Maria was clearly disturbed. I asked her what was wrong and she began to tear up. I’m becoming used to seeing her tear up.
“Our shop….it burned down in the night.”
This is the Maria whose sister Alia became extremely ill with tuberculosis last month. Who has had two other sisters with chronic illness. Whose father wasn’t able to work for weeks while he managed his daughter’s care.
Diwali is celebrated with many fireworks and firecrackers and those fire kite things that float through the sky. At around 3:30pm on the second night of the celebration, a fire started in one of the recycling areas of our slum. Two shops and three motorcycles were burned.
One of those shops was the livelihood of Maria’s father, the recycler.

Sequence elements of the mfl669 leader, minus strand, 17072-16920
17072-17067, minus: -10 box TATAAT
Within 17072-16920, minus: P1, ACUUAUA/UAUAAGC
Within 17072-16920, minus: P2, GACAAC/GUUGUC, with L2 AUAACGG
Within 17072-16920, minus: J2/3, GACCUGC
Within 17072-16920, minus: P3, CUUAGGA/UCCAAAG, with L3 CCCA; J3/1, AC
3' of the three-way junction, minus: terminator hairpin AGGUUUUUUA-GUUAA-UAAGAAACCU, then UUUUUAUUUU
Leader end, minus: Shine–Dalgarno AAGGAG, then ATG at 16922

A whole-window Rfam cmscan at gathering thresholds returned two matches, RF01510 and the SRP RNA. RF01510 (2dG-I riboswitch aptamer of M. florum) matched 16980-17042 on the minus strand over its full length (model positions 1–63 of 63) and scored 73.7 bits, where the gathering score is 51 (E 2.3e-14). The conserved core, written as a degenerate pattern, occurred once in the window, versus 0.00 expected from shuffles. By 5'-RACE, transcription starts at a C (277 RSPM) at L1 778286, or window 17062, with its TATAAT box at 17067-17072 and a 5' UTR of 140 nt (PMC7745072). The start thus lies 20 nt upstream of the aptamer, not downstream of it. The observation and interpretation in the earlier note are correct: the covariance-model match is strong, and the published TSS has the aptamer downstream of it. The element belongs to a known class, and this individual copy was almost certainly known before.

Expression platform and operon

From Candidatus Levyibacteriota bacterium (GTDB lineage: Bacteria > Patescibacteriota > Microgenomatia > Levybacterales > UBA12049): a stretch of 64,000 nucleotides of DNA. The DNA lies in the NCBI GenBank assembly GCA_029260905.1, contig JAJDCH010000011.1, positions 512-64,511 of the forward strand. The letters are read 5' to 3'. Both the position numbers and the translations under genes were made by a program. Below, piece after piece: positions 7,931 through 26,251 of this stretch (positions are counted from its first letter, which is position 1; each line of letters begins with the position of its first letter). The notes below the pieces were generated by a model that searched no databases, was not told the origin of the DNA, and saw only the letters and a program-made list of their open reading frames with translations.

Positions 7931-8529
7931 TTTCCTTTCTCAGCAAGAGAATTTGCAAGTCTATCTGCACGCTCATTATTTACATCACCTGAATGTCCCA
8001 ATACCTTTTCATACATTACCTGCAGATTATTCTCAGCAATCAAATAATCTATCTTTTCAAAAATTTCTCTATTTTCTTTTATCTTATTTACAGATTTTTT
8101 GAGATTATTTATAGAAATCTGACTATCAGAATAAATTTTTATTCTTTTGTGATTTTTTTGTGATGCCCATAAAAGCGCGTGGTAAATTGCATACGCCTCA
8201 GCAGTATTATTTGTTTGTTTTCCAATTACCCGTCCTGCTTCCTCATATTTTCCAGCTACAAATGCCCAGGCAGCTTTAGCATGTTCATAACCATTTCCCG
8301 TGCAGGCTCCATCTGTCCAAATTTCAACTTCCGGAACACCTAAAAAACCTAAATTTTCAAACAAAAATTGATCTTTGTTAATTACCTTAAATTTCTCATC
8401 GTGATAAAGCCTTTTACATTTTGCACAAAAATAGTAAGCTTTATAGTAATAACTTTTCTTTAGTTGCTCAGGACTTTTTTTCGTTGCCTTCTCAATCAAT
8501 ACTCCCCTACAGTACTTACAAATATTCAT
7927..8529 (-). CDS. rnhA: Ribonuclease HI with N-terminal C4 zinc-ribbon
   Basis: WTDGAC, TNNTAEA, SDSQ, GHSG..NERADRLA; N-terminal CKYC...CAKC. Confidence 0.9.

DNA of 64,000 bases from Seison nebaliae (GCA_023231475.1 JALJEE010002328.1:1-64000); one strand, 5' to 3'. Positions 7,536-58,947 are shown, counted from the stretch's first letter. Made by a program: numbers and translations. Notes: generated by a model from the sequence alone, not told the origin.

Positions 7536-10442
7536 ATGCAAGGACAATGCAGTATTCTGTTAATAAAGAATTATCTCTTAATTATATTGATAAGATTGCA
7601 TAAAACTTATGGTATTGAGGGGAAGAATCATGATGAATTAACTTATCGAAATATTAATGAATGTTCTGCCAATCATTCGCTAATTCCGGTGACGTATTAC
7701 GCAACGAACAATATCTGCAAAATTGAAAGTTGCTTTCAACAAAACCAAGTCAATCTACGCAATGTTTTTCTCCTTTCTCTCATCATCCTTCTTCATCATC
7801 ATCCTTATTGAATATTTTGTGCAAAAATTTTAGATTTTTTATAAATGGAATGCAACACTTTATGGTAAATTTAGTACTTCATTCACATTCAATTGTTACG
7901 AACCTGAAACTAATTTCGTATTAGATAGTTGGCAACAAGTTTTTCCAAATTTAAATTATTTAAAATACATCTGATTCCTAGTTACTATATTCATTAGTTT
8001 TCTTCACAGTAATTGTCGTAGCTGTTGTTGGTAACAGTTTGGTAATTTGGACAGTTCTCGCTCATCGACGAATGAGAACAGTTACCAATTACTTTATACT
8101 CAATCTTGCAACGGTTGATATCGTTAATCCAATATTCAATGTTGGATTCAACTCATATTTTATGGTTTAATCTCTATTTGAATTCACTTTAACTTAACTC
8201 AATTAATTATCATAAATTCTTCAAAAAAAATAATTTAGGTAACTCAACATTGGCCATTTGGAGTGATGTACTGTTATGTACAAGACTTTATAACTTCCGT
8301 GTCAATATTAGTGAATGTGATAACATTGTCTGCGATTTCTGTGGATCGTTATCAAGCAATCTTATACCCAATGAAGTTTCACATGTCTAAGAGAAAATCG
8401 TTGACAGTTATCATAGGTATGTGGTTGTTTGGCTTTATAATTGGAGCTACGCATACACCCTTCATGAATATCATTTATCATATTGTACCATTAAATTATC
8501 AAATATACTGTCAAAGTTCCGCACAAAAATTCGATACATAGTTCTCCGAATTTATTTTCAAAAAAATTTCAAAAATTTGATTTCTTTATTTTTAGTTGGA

I tried to comfort her as she held back further tears, but what can you say? This sequence has played out for so many of my friends – one bad thing, and then another, then another, most of them unrelated but all piling together to compound the difficulty.
The next morning I woke up thinking about the ruined shop. The skies were gray again, as they’ve been all day every day since Diwali started.